Haiti One Year Later: The American Red Cross on current situation

The devastating earthquake that struck Haiti nearly one year ago has left 1 million people still homeless and living in tent camps such as this one in Port-au-Prince, the nation's capital, seen three weeks after the quake.
The devastating earthquake that struck Haiti nearly one year ago has left 1 million people still homeless and living in tent camps such as this one in Port-au-Prince, the nation's capital, seen three weeks after the quake. (Carol Guzy)
David Meltzer
Sr. VP, International Services, American Red Cross
Tuesday, January 11, 2011; 2:30 PM

David Meltzer, senior vice president for international services at the American Red Cross, was online Tuesday, Jan. 11, to discuss how the country is faring one year after the devastating earthquake, addressing humanitarian efforts as well as an unstable government infrastructure, the current cholera outbreak, homelessness and the water supply.


Los Angeles, California: Mr. Meltzer, I am a Neonatologist based in Los Angeles, CA. I spent a week in December volunteering at the Project Medishare Hospital in Port au Prince, caring for patients and training the Haitian nurses and doctors in Neonatal ICU care. While there, I learned that the American Red Cross provided financial support to keep this hospital open. That week was the greatest experience of my life, during which so many medical miracles were performed. Thank you for giving me the opportunity to serve in Haiti because of this pledge. Have you seen this project in Haiti? Will the American Red Cross continue to support this project? Is it a long-term or short-term commitment? -Leslie

David Meltzer: Leslie -- Yes. I've visited the Bernard Mevs hopsital that is run with support of Project Medishare and the American Red Cross. As you know, it is the only critical care facility in Haiti. We are glad that we can support the them. Of critical import will be to see how the Government of Haiti and others develop a sustainable health care sector. With our donors' support, we are able to keep the doors open of the hospital for a number of months but our funds will eventually run out too. We are also supporting Haiti's largest public hospital (HUEH) with Paul Farmer's Partner's in Health and also funding prosthetics and rehab centers.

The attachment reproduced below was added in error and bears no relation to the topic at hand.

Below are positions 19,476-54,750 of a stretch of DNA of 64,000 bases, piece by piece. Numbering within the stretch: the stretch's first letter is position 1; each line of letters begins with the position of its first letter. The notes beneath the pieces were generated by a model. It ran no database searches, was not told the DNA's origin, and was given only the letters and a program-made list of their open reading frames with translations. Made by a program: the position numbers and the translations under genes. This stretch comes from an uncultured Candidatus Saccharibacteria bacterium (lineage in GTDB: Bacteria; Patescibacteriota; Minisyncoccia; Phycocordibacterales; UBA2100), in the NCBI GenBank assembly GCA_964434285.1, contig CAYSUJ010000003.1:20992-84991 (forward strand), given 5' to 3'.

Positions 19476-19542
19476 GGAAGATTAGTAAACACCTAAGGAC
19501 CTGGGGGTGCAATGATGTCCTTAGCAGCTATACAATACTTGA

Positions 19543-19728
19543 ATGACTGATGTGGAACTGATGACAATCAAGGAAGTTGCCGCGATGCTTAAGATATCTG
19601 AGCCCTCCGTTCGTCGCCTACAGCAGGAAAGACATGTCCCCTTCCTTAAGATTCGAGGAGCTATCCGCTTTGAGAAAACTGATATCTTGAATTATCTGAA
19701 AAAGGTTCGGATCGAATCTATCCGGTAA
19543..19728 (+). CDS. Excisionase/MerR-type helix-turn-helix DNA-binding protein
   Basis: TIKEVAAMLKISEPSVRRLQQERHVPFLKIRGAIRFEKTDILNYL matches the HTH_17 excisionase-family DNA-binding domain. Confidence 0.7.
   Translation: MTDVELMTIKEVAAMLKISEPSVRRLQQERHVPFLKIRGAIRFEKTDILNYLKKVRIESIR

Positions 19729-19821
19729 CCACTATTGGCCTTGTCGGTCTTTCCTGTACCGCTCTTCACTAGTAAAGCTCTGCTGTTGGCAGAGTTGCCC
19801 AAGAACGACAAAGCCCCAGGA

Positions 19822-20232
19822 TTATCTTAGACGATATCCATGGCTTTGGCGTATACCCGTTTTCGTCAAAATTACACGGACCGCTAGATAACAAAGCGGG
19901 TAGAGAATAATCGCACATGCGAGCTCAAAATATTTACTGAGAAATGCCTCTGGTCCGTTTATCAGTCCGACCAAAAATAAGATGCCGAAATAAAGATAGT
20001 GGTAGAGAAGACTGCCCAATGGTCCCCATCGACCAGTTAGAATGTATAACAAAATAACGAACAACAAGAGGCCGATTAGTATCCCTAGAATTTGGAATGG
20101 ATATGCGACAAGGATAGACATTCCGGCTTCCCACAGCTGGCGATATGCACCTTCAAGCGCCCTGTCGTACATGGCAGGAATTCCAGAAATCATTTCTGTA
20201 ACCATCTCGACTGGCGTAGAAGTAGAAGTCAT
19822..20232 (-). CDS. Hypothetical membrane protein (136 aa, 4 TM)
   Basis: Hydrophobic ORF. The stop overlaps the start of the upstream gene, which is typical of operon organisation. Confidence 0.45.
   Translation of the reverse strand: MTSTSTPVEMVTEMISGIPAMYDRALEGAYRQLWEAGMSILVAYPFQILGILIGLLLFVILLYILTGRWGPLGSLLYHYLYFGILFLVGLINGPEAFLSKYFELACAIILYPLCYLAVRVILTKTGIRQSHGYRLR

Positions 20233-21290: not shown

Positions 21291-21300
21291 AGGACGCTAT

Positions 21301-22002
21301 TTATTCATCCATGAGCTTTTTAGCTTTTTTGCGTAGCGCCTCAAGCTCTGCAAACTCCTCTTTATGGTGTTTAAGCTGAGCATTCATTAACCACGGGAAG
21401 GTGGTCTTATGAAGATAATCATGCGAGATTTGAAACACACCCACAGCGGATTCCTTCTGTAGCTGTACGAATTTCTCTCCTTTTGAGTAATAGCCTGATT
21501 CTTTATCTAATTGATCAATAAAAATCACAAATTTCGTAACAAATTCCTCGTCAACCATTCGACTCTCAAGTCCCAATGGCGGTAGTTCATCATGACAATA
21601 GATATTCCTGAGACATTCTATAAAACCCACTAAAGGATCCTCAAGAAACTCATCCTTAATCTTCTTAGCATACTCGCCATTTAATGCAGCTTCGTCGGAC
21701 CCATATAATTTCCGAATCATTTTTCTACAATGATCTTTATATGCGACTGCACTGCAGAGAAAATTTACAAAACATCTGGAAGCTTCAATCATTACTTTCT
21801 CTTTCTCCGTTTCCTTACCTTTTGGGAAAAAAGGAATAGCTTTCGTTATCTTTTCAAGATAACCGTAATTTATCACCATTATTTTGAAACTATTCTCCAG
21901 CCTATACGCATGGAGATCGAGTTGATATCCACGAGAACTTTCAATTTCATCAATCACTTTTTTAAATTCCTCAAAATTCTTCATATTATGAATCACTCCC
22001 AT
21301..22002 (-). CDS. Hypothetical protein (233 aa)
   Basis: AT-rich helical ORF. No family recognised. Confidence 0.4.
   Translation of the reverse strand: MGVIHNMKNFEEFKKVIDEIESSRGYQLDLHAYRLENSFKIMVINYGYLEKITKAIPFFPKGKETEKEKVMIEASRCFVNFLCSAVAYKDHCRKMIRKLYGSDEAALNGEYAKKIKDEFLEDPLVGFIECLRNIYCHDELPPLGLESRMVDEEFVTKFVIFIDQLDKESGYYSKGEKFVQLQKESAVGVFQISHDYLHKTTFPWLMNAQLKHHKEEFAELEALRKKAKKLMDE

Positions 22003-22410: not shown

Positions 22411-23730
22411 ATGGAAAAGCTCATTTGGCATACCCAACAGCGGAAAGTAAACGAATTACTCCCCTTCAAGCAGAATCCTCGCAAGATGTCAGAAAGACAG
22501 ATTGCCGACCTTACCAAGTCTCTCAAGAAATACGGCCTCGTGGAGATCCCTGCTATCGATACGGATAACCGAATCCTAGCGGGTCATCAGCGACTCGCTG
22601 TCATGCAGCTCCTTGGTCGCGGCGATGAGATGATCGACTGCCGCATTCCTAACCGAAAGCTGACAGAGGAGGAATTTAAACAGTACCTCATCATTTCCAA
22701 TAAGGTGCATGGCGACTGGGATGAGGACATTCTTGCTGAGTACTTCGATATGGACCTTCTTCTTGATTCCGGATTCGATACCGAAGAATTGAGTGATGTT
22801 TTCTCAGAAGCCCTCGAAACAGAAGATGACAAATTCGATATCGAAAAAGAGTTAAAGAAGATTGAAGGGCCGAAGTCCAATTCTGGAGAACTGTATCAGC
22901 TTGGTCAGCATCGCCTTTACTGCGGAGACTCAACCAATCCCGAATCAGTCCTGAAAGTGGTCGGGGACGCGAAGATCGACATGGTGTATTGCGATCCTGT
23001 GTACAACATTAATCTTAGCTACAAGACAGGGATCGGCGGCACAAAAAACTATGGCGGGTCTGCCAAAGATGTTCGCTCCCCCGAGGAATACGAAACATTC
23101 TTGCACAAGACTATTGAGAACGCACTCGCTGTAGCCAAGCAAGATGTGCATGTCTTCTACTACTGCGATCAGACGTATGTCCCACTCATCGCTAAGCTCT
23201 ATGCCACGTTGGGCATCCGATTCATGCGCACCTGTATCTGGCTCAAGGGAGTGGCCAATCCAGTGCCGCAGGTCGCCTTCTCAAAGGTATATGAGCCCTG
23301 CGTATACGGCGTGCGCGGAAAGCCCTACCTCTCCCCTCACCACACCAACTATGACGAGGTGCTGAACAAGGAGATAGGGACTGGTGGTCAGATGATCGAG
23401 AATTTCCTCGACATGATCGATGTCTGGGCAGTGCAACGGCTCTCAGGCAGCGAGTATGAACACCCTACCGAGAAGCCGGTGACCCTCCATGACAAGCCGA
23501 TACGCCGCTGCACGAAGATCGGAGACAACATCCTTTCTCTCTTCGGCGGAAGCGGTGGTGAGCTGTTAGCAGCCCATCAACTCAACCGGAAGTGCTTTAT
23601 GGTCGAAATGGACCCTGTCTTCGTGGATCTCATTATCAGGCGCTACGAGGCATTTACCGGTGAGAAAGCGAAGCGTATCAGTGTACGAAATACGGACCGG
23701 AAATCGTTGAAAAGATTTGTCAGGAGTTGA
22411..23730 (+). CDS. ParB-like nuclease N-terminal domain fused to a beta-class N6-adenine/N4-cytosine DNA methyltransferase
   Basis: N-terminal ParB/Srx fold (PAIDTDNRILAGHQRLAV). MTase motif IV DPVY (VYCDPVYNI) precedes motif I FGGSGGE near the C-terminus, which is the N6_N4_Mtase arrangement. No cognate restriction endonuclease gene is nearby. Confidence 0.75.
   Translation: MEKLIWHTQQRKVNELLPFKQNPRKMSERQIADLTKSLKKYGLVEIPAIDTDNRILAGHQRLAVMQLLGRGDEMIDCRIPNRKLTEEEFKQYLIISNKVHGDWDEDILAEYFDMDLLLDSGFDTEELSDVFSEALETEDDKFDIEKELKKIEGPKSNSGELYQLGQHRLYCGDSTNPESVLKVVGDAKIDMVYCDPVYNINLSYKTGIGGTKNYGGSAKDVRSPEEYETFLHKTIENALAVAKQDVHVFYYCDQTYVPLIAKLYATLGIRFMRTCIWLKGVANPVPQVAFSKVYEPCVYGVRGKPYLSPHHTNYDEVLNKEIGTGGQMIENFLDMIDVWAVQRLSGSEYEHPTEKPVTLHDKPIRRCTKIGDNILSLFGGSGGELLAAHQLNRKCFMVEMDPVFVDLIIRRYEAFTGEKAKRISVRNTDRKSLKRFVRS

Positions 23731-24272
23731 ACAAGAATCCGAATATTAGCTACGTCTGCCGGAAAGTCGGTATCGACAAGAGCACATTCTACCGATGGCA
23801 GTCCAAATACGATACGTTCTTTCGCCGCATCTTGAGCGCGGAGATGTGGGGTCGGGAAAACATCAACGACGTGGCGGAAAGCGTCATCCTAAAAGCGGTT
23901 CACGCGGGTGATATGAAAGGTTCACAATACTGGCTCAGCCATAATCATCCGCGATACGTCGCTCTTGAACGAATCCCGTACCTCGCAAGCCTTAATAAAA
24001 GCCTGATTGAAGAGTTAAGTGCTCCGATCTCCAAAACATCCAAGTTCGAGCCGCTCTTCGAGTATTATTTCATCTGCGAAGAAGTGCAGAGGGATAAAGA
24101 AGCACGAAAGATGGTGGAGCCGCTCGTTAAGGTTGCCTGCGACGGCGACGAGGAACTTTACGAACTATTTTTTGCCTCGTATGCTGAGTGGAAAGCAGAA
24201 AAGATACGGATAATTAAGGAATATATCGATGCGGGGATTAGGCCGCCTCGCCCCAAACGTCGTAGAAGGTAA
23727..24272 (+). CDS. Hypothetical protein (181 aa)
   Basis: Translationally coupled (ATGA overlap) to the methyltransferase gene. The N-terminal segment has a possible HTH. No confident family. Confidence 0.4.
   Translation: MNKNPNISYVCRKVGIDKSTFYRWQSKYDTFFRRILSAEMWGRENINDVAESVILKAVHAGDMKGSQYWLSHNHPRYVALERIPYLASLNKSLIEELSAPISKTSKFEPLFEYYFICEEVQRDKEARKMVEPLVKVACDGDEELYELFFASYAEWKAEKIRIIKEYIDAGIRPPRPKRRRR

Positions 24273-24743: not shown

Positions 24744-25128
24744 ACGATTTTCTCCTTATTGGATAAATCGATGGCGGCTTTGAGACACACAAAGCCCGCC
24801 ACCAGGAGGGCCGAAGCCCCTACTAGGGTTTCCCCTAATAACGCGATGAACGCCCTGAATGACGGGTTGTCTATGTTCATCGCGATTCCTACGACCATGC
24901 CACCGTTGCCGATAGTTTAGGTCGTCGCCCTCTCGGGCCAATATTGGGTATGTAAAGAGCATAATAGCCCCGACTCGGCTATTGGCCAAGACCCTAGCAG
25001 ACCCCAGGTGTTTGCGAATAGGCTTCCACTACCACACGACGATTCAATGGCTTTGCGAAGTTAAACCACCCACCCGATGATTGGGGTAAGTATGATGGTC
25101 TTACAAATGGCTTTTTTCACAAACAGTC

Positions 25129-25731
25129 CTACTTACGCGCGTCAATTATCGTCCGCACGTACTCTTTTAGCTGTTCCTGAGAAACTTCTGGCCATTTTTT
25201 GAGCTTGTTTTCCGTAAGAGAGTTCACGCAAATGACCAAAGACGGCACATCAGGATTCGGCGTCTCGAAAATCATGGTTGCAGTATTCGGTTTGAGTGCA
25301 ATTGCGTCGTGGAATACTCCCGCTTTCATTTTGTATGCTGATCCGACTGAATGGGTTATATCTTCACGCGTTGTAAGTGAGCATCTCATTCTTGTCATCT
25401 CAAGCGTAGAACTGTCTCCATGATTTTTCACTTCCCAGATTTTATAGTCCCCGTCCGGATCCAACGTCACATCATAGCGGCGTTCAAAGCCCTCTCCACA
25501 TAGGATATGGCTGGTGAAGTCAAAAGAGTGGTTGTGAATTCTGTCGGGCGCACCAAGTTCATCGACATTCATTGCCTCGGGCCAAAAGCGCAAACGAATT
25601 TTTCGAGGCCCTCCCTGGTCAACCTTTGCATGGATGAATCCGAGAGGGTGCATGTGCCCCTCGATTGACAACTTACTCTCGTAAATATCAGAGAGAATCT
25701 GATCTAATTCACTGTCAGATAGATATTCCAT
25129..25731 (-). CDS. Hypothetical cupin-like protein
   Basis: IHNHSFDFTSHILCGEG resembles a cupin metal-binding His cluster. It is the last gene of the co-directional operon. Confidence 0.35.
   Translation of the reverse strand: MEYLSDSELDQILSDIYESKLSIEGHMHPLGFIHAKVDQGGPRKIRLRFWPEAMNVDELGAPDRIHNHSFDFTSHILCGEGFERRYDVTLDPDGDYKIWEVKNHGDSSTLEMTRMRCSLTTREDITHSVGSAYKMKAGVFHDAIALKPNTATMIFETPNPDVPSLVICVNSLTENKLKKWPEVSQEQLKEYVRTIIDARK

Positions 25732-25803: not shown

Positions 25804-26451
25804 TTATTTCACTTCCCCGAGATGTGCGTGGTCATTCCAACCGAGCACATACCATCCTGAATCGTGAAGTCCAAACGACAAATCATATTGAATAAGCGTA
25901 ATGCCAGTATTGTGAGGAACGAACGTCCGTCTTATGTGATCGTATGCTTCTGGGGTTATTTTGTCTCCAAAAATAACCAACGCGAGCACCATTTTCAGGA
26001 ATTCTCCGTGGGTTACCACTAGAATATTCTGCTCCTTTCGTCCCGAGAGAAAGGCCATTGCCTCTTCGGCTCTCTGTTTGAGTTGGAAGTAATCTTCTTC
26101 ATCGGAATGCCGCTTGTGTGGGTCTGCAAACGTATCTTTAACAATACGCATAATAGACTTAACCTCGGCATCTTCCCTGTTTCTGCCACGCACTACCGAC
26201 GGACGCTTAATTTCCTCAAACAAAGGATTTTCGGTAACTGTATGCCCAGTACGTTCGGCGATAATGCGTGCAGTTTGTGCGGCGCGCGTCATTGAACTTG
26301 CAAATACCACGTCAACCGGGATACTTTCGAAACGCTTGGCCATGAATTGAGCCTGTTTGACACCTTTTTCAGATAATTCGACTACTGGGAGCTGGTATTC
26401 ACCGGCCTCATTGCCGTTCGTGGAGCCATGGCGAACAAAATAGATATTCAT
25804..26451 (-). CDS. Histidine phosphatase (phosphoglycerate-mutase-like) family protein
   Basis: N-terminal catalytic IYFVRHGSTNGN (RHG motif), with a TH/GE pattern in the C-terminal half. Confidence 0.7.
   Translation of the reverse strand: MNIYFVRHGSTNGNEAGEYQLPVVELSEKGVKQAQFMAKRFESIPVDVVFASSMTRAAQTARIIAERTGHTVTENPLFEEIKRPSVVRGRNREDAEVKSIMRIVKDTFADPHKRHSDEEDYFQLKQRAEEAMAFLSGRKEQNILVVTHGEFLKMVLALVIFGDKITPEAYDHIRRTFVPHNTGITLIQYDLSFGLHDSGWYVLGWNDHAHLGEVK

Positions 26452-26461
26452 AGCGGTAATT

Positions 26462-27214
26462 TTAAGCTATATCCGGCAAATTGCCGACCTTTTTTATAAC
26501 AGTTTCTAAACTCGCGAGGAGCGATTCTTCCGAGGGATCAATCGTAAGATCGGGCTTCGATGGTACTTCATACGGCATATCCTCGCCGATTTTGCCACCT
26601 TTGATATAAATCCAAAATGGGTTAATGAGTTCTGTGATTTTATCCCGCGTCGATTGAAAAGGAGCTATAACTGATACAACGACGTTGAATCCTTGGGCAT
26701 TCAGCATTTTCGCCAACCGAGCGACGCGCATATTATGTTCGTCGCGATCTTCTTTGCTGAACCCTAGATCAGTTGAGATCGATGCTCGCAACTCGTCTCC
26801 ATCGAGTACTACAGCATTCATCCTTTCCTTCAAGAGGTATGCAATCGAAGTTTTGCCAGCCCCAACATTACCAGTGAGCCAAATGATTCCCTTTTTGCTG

Anonymous: I hear many NGOs are having a hard time getting things done in Haiti. What are some of the problems holding things up?

David Meltzer: Thanks for the question. Haiti is the largesst urban disaster since WWII. In the immediate aftermath, the port was closed, roadways were damaged, and the airport was operating beyond capacity. It was equivalent to all of Manhattan's 1.5 million residents suddenly losing their homes with all of the ports and all of the airports closed except one runway at JFK. Now we are dealing with a city with many, many narrow roads covered by rubble. We just passed the 15th anniversary of the Kobe earthquake in Japan and they still have not fully recovered. Recovery after a cataclysmic disaster takes many, many years. The difficulty is the scale and the urban environment coupled with a challenged country before the quake. With respect to housing -- a long term priority of the American Red Cross -- the difficulty centers around rubble removal and the availability of suitable land when there were very few land records.


Dauphin Island, AL: David, thanks for your hard work and I am sure your many years in the field helping others. My question: Who is the coordinating agency overseeing operations in Haiti, some international group, or the government of Haiti?

David Meltzer: Thanks for the good questions. During the relief phase, the coordinating agency is a UN organization called OCHA. Recovery operations are being coordinated by the Interim Haiti Recovery Commission which is co-chaired by Haitian Prime Minister Bellerive and President Bill Clinton.


Washington, DC: There has been a lot of talk about the great amount of money raised, and the smaller amount of money spent on Haiti relief. Can you shed some light on why the Red Cross did not use all the funds this year, what their long term plan is in Haiti and with these generous donations?

David Meltzer: Here are some basic facts which you can get off of our website (www.redcross.org/haiti) and the annual report we just released. The American Red Cross has raised $479 million. We have spent and signed agreements to spend about $245 million -- more than 1/2 of the amount raised. Spending money quickly and wisely is our obligation to the people of Haiti and our donors. Over the next 3-5 years, we will be spending over $100 million to build permanent homes. The balance of the funds are going to fighting cholera, providing water and sanitation to people leaving in the tarps and tents, and building semi-permanent homes for 150,000 people.